Magnesium: Magnesium was found by subtracting the calcium from calcium plus magnesium.

Carbonate and bicarbonate: Carbonate and bicarbonate were determined by titrating the sample with 0.1 N H2SO4 using phenolphthalene and methyl orange as indicators, respectively.

Chloride: Chlorides were determined by titrating the sample with 0.05 N AgNO3 solution using K2CrO4 as an indictor.

Sodium Adsorption Ratio (SAR): SAR was calculated by

Residual Sodium Carbonate (RSC): RSC was calculated by:

Heavy metals: The sewage samples were filtered through Whatman No. 42 filter paper. The filtrates were analyzed by atomic absorption spectrophotometer[15].

RESULTS AND DISCUSSION

The data with respect to different irrigation quality parameters that electrical conductivity of the samples ranged from 0.55-2.36 dS m-1. According to the guide lines given by Muhammad[16], 60% of the samples did not pose salinity hazard (EC < 1.5 dS m-1) while 40% (with EC from 1.5 to 2.36 dS m-1) were marginally fit for irrigation. Sodium adsorption ratio ranged from 0.24 to 4.36 showing that all the samples were low in Na contents hence, there was no risk of sodium hazard from irrigation with such type of waste water. Residual Sodium Carbonate varied from 0.0-8.1 mmol L-1 in the sewage samples under study; 59% of the samples had < 2.0 mmol L-1 of RSC which showed that the sewage represented by these samples had no risk of sodium bicarbonate hazard when applied to soils. Six percent of the total samples were marginally suitable for irrigation (RSC 2-4 mmol L-1) and 35% of the samples were unsuitable as they contained > 4.0-8.1 mmol L-1 of RSC[16]. Chloride contents in the samples were in the range of 0.5 to 4.7 mmol L-1 and were within safe limits[17].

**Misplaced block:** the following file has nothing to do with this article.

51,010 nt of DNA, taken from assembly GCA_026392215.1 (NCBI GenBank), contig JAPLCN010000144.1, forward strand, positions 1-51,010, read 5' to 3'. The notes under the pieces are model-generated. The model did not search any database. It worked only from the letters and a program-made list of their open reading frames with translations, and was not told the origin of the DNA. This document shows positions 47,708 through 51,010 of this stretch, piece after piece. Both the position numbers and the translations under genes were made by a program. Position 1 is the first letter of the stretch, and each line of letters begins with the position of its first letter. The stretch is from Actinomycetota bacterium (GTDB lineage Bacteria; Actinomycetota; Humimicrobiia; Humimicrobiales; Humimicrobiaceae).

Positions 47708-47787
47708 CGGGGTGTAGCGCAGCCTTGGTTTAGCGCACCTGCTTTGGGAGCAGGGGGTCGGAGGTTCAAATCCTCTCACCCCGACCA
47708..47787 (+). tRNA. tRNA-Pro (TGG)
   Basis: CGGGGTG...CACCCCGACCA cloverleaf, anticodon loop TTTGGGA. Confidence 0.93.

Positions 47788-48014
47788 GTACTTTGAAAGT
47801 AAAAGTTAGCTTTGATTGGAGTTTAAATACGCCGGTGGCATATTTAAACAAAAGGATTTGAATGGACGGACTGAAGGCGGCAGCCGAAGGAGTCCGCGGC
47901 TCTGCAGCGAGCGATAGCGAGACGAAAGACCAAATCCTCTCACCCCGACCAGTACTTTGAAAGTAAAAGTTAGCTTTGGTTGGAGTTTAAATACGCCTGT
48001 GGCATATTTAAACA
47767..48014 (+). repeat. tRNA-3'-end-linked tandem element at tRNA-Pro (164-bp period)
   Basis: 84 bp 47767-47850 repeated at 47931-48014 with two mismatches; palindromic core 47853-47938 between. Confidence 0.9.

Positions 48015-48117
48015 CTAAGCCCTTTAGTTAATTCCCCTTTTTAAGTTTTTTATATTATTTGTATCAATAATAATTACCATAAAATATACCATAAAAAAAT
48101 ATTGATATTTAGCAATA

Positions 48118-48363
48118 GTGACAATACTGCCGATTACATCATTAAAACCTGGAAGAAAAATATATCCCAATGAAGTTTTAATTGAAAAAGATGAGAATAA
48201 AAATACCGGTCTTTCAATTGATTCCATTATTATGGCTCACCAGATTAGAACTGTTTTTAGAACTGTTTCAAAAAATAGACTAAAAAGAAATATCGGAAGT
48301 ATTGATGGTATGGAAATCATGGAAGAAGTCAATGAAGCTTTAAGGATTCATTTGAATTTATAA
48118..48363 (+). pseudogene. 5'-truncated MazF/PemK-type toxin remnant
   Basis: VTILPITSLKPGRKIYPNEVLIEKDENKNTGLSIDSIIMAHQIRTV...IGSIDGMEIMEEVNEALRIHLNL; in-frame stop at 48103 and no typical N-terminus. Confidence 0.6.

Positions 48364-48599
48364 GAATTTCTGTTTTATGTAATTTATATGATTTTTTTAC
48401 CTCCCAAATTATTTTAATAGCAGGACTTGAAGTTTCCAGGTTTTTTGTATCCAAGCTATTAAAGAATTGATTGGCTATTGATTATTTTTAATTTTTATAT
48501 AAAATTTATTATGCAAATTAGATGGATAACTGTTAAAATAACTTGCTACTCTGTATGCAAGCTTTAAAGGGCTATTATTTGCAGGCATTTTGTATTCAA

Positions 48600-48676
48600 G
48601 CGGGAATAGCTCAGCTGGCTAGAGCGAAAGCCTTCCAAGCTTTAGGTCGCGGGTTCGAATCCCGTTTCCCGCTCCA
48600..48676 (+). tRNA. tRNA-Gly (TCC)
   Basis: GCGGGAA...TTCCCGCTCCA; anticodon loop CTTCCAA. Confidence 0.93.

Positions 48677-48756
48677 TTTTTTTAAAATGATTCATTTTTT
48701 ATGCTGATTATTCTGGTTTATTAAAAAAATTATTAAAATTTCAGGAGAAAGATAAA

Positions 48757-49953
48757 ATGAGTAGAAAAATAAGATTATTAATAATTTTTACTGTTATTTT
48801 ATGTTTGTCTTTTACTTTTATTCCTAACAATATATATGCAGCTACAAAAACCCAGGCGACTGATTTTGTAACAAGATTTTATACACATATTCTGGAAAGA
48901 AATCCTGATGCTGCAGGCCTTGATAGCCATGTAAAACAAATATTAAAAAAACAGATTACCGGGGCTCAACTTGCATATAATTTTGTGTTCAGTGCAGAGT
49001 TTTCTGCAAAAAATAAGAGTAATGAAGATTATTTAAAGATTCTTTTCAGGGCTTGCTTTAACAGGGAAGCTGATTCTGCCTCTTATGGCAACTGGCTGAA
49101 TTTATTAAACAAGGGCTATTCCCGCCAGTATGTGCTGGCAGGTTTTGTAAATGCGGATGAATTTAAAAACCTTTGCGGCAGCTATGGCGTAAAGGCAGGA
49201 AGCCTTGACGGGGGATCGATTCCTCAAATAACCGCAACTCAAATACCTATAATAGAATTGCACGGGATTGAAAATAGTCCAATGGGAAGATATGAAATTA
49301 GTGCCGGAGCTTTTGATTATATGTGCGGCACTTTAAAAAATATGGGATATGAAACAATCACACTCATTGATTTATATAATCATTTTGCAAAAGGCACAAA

From the data it is observed that contents of different heavy metal were in the range of Zn (0.43-0.83), Cu (0.21-0.84), Cd (0.012-0.046), Pb (0.24-0.84), Ni (0.27-0.45) and Cr (0.62-1.08) mg L-1. According to the criteria by FAO[18] for toxicity of heavy metals, Zn and Pb contents in the sewage of various locations were found within safe limits (< 2.0 and 5.0 mg L-1, respectively) while Cu, Cd, Ni and Cr concentrations were found to exceed the maximum permissible limits of 0.20, 0.01, 0.2 and 0.10 mg L-1, respectively.